I am not typing this article at my desk. I am sprawled on my floor, because an artist told me a change of perspective would boost my creative thinking.
I’ve spent the last hour warming up my imagination muscles: I devised 50 new uses for a spoon (drumstick, mini catapult, ineffective shield). I surrounded myself with blue, since a University of British Columbia study showed it’s a creativity-enhancing color. I played the violin as Einstein did. (Actually, I don’t own a violin, so I played my son’s ukulele.) In short, I am using as many creativity-boosting strategies as possible. (Well, I’m not taking LSD, which may have helped Steve Jobs achieve those world-changing insights.)
I’m in the middle of a monthlong project to see if I can reignite my creative spark. I’m a writer, so creativity is part of my job description. But in the last few years I’ve started to worry that my middle-aged brain is ossifying. And as I’ve discovered, continued creativity may be crucial not just for my livelihood but for my longevity, too. A 2006 George Washington University study of 300 senior citizens found that creative activities, such as art and writing, slow the aging process, resulting in fewer doctor visits and better mental health.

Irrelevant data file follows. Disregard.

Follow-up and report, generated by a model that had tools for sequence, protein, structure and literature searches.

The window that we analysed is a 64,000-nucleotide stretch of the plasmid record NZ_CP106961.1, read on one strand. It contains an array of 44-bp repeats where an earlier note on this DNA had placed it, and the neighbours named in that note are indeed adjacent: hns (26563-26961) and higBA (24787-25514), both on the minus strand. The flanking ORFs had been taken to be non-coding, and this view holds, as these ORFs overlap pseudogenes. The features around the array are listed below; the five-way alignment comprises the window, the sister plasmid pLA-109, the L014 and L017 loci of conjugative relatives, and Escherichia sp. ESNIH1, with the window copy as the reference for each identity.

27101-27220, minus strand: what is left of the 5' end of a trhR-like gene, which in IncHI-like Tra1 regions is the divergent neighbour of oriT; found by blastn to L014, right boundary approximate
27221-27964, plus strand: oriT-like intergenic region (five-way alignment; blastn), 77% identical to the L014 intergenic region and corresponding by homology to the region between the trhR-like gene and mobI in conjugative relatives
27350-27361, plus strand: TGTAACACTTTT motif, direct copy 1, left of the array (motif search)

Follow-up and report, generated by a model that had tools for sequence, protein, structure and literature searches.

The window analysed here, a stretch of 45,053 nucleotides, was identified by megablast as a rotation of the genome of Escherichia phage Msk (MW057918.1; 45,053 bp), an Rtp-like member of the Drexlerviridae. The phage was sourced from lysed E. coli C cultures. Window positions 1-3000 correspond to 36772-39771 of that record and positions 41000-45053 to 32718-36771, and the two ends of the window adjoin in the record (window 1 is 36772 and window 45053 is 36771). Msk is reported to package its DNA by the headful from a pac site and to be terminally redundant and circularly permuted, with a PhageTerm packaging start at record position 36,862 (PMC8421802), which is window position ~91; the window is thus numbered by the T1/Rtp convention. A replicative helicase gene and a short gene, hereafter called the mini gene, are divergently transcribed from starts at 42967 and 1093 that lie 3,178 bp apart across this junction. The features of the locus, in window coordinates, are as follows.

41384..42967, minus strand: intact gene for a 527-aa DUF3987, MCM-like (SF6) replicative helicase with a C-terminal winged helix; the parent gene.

Every day, even those of us who aren’t Left Bank watercolor painters engage in creative thinking. “Creativity is critical to solving problems in all parts of our lives,” says Richard Restak, a neurologist in Washington, D.C., and the author of Think Smart ($16, amazon.com). That includes work, parenting, and arranging our medicine cabinets.
And here’s the good news: “Just as you can learn techniques to improve your memory,” says Restak, “you can learn techniques to be more creative.” We’ll see.
Welcoming Bad Ideas
My first call is to Rex Jung, an assistant professor of neurosurgery at the University of New Mexico, in Albuquerque, who specializes in the brain and creativity. He tells me that we tend to think of creative people as churning out one work of genius after another, but brilliance is a numbers game. Creative people tend to be prolific, and usually the misfires far outnumber the hits. “I recently went to a museum in Germany, and they had a Picasso exhibition,” says Jung. “But the paintings were terrible. I think I saw every lousy Picasso out there. He created about 50,000 works, and not all of them were masterpieces.”
It’s a powerful lesson: Accept failure. Enjoy it, even. Embrace the suck, for the suck is part of the process.
That night I spend 20 minutes cooking up ideas for my parents’ 50th anniversary. I write down whatever absurd notion pops into my brain, then read my wife the list.
“It’s their golden anniversary, so we could do a gold theme. Everyone could dress up in gold clothes.”
“Sounds tacky,” my wife responds. OK. No problem. Remember—Bach wrote some shoddy concertos.
“They have a total of 100 years of marriage between them. So we could do ‘A Century of Marriage,’ ” I say.
“I’m worried that might make them feel old.”
Embrace the suck, I tell myself.
“Maybe if we did a graph,” I suggest. “On one end, we can have Kim Kardashian’s 72-day marriage. And on the other end we could have my parents’ 50-year marriage.”
My wife pauses. “That could work,” she says.
I feel my confidence swell just a bit.